Sanders: “I’m Tired of Talking About Mr. Manchin and Miss Sinema”

Sen. Bernie Sander (I-Vermont) said on Wednesday that he’s “tired” of discussing fellow Senators Joe Manchin (D-West Virginia) and Kyrsten Sinema (D-Arizona) because Democrats must act now to save democracy — or face the public, come reelection time.

“I’m tired of talking about Mr. Manchin and Miss Sinema. We have got to do what we can to bring people together. The American people, I think, all over this country understand that now is the time to act,” Sanders told MSNBC’s Andrea Mitchell.

“I will also tell you, clearly, we are constrained by the fact that we only have 50 Democrats,” he continued. “To my mind, what this next election is going to be about is whether the American people want us to have a government that represents all people, that believes in democracy or not. And we need a hell of a lot more Democrats in the Senate than we have right now.”

Sanders has, indeed, spent the last few months warning that if Democrats continue delaying action on vital issues like infrastructure or voting rights, they may end up losing Congress in 2022. Democrats are already likely to suffer losses in the midterm elections because the party that holds the presidency typically has a disadvantage.

Manchin and Sinema have especially come under scrutiny because of their stubborn and seemingly unending support of the Senate filibuster, even when it comes to vital issues like stopping Republicans from openly trying to steal elections across the country. Despite an abundance of negative news stories and mounting pressure from fellow Democrats, however, the two senators have only doubled down on their support of the practice.

Instead, the two senators have insisted upon passing legislation using bipartisanship, which Republicans have shown time and again that they are not amenable to doing. On Monday, Senator Sinema, in a much-criticized op-ed, repeated the flawed assertion that bipartisanship is the way forward for the country — and the very next day, Republicans blocked the Democrats’ landmark voting rights bill, the For the People Act.

“If you know of any Republican who’s prepared to vote to support democracy and voting rights, I’d love to see them,” Sanders said. “There aren’t any. That’s the sad reality.” The GOP instead is focused on perpetuating Donald Trump’s big lie about election fraud, he added.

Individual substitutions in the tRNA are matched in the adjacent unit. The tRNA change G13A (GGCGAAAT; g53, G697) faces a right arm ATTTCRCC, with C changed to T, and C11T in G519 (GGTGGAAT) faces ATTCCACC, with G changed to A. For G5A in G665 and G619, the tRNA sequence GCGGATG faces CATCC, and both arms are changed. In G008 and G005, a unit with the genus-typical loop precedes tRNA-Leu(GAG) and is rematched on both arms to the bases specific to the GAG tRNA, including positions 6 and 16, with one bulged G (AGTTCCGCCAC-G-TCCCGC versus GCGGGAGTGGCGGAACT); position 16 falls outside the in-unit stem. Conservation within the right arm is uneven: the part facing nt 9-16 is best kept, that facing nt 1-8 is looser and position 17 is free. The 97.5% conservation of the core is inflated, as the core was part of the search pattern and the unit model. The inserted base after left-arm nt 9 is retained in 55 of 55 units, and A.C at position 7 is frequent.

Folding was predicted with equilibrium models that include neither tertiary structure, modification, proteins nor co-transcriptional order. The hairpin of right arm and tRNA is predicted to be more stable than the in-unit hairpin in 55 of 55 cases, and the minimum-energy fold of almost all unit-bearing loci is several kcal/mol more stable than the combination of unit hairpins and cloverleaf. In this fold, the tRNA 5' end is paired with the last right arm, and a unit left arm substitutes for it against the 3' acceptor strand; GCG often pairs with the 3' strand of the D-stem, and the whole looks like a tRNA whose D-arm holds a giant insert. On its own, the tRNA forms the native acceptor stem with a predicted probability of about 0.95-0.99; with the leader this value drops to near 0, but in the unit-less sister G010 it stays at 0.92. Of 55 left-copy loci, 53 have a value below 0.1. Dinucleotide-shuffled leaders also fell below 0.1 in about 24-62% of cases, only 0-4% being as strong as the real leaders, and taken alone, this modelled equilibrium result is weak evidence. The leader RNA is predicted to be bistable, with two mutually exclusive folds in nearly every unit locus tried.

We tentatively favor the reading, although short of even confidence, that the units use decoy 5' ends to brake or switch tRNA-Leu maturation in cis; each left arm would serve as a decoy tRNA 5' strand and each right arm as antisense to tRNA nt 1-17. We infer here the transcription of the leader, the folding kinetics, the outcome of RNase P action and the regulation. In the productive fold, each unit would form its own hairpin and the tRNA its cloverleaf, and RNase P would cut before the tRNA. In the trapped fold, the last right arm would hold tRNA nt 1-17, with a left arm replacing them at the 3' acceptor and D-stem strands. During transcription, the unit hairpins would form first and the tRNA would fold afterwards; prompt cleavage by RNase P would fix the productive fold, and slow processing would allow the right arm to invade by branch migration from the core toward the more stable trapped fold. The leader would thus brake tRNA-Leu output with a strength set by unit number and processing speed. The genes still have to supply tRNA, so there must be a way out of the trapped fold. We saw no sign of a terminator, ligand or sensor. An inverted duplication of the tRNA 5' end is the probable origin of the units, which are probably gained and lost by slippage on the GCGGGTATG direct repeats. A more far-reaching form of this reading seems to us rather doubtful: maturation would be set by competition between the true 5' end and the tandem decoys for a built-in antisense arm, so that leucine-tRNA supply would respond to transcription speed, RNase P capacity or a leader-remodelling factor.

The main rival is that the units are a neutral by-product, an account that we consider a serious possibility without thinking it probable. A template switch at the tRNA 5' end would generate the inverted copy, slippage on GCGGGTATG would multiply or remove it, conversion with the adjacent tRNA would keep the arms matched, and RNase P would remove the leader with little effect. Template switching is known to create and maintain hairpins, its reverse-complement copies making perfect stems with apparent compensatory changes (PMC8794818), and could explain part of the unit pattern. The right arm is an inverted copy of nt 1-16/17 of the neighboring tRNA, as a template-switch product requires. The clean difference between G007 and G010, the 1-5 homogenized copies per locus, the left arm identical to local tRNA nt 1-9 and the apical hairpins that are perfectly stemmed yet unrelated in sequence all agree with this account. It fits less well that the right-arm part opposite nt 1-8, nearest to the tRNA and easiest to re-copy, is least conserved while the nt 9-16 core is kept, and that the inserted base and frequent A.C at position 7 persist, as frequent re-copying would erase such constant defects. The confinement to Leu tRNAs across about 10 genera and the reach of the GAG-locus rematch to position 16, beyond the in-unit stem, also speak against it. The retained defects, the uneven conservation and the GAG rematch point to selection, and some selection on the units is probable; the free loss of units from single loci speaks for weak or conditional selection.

“You do not have one Republican in the United States Senate who is prepared to vote to preserve American democracy and prevent these states from doing the terrible, undemocratic things that they are doing,” continued Sanders, in response to a question about whether or not there could be a bipartisan compromise on voting rights. “I say this with great sadness — this is not going to be bipartisan. Unfortunately, Democrats are going to have to do this by themselves.”

Recent research has shown that Democrats may be better off if they go it alone on important issues, as Sanders has suggested. An analysis of the 2020 election from Way to Win released last month found that Democrats didn’t get the landslide congressional wins they expected at least partly because candidates focused their messaging on their ability to reach across the aisle. In so doing, they missed an opportunity to expose the GOP as the dangerously right-wing party that it has become.

In recent years, the GOP has indeed become more radical than it has been in modern times. After Republicans blocked debate on voting rights in the Senate on Tuesday, Sen. Mitch McConnell (R-Kentucky) said that the federal government shouldn’t be involved in elections. “This is not a federal issue,” he said.

As The Intercept pointed out, McConnell has previously been in favor of voting rights. But now that Trump and his party are uniting against voting, McConnell is falling in line behind the same tired GOP line about federal oversight — although Republicans don’t seem to care about big government when it benefits them.

If Republicans use minority rule to block the For the People Act while they pass voter suppression bills at the state level across the country, it could spell certain doom for Democrats and democracy.

“We can disagree on education, on health care, on any other damn thing you want to disagree with. But you cannot disagree about whether or not all Americans have the right to vote. And that right is being taken away from them,” said Sanders. “In my view, should we end the filibuster on this issue? Absolutely. This is an enormously important issue. Democracy is at stake.”